Update: The Oregon Register Guard reports that lawmakers will not take further action on SB 301 this legislative session, stating that the measure lacked support to pass a Senate floor vote. “Key backer Sen. Floyd Prozanski, a Eugene Democrat, acknowledged … the demise of Senate Bill 301 in the face of virulent business opposition and skepticism among some other Senate Democrats,” the paper reported.
Update: Members of the Senate Judiciary Committee passed SB 301 with amendments on April 18 by a 3-2 vote.
Update: Members of the Senate Judiciary Committee debated SB 301 on Tuesday, February 21.
Legislation is pending before the Senate, SB 301, to prohibit employers from discriminating against adults who legally consume marijuana during non-work hours.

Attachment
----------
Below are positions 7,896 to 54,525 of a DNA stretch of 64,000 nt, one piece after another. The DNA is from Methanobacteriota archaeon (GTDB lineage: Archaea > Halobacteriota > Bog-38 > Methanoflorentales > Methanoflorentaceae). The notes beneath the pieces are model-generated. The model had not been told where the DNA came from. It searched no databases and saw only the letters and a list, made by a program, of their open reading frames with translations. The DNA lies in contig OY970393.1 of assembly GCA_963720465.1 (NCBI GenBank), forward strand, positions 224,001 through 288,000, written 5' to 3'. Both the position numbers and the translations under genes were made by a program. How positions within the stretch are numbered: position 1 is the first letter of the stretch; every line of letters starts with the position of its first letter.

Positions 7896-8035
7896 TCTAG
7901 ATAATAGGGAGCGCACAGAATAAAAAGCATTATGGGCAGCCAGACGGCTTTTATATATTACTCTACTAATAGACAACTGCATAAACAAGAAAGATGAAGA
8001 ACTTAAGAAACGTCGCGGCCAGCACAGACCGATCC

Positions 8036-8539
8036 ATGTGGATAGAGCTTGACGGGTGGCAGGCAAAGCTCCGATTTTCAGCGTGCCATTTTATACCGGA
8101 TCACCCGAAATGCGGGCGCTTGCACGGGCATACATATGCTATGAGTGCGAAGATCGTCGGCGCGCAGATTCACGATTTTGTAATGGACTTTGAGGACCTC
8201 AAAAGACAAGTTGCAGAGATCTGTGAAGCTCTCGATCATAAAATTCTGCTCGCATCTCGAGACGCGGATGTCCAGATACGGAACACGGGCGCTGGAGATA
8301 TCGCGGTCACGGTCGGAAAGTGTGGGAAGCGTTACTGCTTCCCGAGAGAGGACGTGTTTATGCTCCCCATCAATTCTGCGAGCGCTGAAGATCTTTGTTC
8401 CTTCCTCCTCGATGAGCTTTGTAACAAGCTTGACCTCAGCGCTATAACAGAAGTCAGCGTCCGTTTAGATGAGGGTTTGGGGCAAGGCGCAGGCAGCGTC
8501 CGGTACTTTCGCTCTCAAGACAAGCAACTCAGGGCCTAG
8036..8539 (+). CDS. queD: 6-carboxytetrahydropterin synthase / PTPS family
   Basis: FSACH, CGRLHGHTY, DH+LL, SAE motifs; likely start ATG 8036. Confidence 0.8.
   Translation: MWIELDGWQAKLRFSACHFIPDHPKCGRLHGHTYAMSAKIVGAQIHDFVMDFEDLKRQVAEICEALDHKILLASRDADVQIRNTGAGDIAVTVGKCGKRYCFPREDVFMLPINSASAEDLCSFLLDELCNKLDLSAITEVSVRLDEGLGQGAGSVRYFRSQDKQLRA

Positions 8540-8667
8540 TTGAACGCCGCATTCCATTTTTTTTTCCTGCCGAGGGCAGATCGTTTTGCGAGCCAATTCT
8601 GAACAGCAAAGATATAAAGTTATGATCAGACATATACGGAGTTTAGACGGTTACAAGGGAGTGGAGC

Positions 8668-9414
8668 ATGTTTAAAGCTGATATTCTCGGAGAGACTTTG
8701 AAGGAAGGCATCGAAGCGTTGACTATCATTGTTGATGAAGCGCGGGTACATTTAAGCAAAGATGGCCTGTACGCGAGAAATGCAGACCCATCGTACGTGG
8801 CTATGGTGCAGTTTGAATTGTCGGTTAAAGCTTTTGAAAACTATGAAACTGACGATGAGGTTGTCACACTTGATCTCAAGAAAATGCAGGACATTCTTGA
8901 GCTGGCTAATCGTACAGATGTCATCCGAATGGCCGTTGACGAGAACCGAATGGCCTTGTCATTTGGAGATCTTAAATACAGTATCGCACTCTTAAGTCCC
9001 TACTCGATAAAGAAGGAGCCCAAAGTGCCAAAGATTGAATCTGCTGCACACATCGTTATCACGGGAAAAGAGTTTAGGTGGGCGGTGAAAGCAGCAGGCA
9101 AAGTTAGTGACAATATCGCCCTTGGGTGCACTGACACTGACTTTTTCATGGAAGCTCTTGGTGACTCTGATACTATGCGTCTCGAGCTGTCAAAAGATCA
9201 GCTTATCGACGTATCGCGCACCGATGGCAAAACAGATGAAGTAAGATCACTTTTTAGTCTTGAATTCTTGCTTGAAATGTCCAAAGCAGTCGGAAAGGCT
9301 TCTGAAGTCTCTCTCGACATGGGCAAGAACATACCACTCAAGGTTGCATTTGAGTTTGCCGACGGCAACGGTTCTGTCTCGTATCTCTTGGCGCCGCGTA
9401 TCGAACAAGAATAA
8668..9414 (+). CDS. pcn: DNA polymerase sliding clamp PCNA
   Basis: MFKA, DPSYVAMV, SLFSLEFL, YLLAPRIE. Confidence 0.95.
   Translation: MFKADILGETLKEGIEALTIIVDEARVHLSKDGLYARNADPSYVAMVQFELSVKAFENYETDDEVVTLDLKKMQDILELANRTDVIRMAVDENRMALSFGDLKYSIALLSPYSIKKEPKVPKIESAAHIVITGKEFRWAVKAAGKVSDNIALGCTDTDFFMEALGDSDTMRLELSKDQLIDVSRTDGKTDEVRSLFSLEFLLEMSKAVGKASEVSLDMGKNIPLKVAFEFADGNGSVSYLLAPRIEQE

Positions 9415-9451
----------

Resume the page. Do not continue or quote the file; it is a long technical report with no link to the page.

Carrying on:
Senate Bill 301 states, “It is an unlawful employment practice for any employer to require, as a condition of employment, that any employee or prospective employee refrain from using a substance that is lawful to use under the laws of this state during nonworking hours.”
Passage of this act would not prohibit employers from sanctioning employees who are under the influence at work.
Portland NORML‘s Legislative Committee, in conjunction with the Oregon Chapter of the Employment Lawyers of America, worked on the drafting and filing of this important legislation.
Changes in the legal status of marijuana has not been associated with any adverse changes in workplace safety. In fact, a pair of studies from 2016 find that legalization is associated with greater workforce participation and with fewer workplace absences.
Those who consume alcohol or prescription drugs legally and responsibly while off the job do not suffer sanctions from their employers unless their work performance is adversely affected. Employers should treat Oregonians who consume cannabis legally while away from the workplace in a similar manner.
Please use the pre-written letter below to urge your elected officials to end workplace discrimination against marijuana consumers.